• N2 - Metastasis with lymph node(s) larger than 2 cm but not larger than 5 cm in greatest dimension, or multiple lymph nodes, any 1 mass larger than 2 cm, but not more than 5 cm, in greatest dimension
    • N3 - Metastasis with lymph node(s) larger than 5 cm in greatest dimension
  • Distant metastatic staging
    • M0 - No distant metastases
    • M1a - Nonregional nodal or pulmonary metastasis
    • M1b - Distant metastases other than M1a
  • Serum tumor marker staging
    • S0 - Marker studies within normal limits
    • S1 - LDH level less than 1.5 times the reference range, beta-hCG level less than 5000 mIU/mL, and AFP level less than 1000 ng/mL
    • S2 - LDH level 1.5-10 times the reference range, beta-hCG level 5,000-50,000 mIU/mL, or AFP level 1,000-10,000 ng/mL
    • S3 - LDH level more than 10 times the reference range, beta-hCG level more than 50,000 mIU/mL, or AFP level more than 10,000 ng/mL
  • Stage grouping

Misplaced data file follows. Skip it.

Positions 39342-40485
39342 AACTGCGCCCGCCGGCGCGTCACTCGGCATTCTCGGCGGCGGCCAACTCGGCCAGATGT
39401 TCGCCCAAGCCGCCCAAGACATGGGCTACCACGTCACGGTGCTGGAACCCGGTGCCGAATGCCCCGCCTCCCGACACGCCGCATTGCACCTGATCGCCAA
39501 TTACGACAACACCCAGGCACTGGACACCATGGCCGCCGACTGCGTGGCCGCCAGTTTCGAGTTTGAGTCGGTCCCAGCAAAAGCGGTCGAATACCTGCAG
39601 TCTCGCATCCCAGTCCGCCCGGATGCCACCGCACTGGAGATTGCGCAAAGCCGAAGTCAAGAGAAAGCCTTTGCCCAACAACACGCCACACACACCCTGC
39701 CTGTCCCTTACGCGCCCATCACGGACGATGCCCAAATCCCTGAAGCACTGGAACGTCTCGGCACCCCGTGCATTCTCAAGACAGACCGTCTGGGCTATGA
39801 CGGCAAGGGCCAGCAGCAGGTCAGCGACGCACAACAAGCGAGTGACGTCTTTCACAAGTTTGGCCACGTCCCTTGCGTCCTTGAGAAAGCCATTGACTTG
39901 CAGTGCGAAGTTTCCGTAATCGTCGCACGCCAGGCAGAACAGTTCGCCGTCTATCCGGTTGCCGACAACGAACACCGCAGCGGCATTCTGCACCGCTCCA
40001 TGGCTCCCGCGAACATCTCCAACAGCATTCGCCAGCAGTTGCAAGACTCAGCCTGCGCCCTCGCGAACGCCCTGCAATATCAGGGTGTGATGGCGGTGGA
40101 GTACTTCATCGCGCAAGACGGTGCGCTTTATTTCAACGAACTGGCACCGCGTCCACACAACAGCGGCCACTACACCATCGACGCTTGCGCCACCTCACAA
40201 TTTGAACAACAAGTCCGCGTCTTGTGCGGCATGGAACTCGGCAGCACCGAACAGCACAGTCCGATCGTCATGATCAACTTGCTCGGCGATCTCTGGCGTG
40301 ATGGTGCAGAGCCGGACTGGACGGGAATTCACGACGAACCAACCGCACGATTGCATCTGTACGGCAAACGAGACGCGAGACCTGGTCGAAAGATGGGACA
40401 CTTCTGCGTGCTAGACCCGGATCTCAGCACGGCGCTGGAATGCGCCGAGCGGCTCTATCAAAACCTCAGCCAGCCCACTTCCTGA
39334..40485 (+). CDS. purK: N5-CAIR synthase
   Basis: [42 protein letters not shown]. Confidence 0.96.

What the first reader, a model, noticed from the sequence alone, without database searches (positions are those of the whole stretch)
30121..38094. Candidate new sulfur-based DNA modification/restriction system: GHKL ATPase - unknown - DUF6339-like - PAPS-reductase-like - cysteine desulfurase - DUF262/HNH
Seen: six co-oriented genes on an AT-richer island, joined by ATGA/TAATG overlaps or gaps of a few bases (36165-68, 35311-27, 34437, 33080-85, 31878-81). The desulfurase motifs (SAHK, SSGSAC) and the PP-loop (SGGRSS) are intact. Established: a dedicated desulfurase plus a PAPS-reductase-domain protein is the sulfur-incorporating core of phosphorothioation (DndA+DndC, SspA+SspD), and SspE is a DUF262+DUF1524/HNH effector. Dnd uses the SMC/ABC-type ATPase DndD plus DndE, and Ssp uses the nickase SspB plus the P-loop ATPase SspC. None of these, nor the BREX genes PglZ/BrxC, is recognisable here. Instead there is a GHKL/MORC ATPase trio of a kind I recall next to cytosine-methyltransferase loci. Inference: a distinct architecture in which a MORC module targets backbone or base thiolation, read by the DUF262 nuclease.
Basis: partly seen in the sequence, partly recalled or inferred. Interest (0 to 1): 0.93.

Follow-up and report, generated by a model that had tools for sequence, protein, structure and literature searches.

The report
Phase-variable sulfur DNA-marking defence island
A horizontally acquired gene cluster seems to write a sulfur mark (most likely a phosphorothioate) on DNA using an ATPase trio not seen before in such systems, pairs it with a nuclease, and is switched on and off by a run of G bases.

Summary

• Stage IA - T1 N0 M0 S0
    • Stage IB - T2,3,4 N0 M0 S0
    • Stage IS - Any T N0 M0 S1,2,3
    • Stage IIA - Any T N1 M0 S0,1
    • Stage IIB - Any T N2 M0 S0,1
    • Stage IIC - Any T N3 M0 S0,1
    • Stage IIIA - Any T Any N M1a S0,1
    • Stage IIIB - Any T Any N M0,1a S2
    • Stage IIIC - Any T Any N M1a,1b S3
Contributor Information and Disclosures

Arnold C Paulino, MD Professor of Radiation Oncology, Methodist Hospital and Weill-Cornell Medical College; Associate Professor of Pediatrics, Baylor College of Medicine

Arnold C Paulino, MD is a member of the following medical societies: Radiological Society of North America, Children's Oncology Group, American Society of Clinical Oncology, International Society of Paediatric Oncology, American Medical Association, American Radium Society, American Society for Radiation Oncology

Disclosure: Received royalty from Elsevier, Inc for author of book.


Jodi Muscal, MD Assistant Professor of Pediatrics, Division of Hematology-Oncology, Baylor College of Medicine, Texas Children's Hospital